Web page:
Hypertension Clinical Trial

Hypertension is endemic in the United States. The American Heart Association estimates that 76 million people, or one-third of adults, have high blood pressure. Of those adhering to multi-drug treatment regimens, an estimated 2% to 10% of patients still have severely elevated blood pressure of 160/90 mm Hg or greater. These patients are at double the risk for developing complications of hypertension, including heart attacks, heart failure and stroke. University of Maryland professor of medicine Elijah Saunders, M.D., points out, "… for African Americans, who tend to have a more severe form of hypertension, these risks are much greater, compared to their Caucasian counterparts."

The University of Maryland Medical Center is the only site in the state enrolling in Symplicity HTN-3. This is a randomized, single-blind, placebo-controlled clinical trial examining the safety and effectiveness of renal denervation for patients with treatment-resistant hypertension and a systolic blood pressure greater than 160 mm Hg. In phase 1 and phase 2 trials of this treatment strategy, average systolic blood pressure reductions of 30 mm Hg were achieved without evidence of renal complications.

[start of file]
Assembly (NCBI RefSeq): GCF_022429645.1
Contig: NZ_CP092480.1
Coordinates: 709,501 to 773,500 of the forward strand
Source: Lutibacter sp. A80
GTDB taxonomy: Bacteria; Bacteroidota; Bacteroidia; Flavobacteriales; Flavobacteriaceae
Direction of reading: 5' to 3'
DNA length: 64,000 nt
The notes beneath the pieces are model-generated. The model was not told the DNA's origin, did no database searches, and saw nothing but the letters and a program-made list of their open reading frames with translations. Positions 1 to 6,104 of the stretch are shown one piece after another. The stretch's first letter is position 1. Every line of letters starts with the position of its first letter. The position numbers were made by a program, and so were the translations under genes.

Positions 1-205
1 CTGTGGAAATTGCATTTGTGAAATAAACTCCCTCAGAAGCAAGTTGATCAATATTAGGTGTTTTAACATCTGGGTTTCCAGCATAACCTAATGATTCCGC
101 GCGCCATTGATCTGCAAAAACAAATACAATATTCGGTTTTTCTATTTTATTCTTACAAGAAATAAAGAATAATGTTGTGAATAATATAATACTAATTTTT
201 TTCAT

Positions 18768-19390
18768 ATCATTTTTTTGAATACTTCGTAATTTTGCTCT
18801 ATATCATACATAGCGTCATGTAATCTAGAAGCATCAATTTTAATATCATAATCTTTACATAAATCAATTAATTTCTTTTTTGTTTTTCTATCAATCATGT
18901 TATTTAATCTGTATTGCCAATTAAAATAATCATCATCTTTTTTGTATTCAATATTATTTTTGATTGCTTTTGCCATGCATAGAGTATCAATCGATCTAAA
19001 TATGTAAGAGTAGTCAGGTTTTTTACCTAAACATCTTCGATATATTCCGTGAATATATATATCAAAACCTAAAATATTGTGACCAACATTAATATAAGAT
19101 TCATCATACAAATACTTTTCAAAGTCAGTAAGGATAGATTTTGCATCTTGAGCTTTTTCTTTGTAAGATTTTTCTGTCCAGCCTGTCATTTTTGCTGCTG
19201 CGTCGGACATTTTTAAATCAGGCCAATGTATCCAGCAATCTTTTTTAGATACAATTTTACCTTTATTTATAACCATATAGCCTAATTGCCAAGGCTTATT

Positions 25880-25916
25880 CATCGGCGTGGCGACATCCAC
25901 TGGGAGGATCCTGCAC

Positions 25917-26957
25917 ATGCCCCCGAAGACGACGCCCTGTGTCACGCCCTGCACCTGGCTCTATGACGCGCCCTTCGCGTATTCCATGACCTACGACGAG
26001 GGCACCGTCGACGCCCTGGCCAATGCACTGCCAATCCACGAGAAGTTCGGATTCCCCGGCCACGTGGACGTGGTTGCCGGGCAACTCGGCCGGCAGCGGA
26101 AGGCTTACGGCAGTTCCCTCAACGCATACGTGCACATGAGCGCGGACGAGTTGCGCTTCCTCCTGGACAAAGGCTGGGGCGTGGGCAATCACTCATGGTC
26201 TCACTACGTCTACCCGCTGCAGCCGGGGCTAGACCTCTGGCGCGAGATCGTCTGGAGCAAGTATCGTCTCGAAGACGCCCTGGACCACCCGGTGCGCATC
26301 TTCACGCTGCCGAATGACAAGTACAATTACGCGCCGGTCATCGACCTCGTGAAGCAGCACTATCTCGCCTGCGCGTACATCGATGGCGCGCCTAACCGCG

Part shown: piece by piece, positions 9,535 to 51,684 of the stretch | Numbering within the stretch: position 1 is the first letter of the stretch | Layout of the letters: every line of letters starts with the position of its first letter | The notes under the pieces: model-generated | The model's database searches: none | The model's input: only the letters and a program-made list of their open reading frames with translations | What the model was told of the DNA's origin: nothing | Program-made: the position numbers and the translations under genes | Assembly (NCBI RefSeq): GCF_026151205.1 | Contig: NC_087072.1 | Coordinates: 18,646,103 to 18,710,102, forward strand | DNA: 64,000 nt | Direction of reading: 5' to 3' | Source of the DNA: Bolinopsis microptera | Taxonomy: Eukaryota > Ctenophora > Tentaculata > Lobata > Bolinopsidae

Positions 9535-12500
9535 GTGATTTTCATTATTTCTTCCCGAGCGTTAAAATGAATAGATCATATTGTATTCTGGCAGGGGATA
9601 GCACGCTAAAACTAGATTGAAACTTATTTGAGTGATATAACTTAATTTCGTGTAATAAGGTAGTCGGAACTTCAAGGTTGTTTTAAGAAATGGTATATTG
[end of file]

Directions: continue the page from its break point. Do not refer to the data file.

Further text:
“There are few options for treatment-resistant hypertension. For those patients who can’t control their blood pressure, despite being on three or more hypertension medicines at maximum doses, this clinical trial has potential for changing the way we manage one of the most common medical conditions,” explains the trial’s principal investigator, Anuj Gupta, M.D., an assistant professor of medicine at the University of Maryland School of Medicine.

Patients who meet criteria for the study undergo renal denervation using the Symplicity Catheter System, a product of Medtronic. A catheter is placed through the groin and positioned at multiple locations within the kidney’s arteries. Radiofrequency energy is then delivered to interrupt the sympathetic nerves supplying the kidneys. Patients stay in the hospital overnight. They then have follow-up visits at one, three and six months and then additional visits every six months.

This page was last updated: November 7, 2013

         
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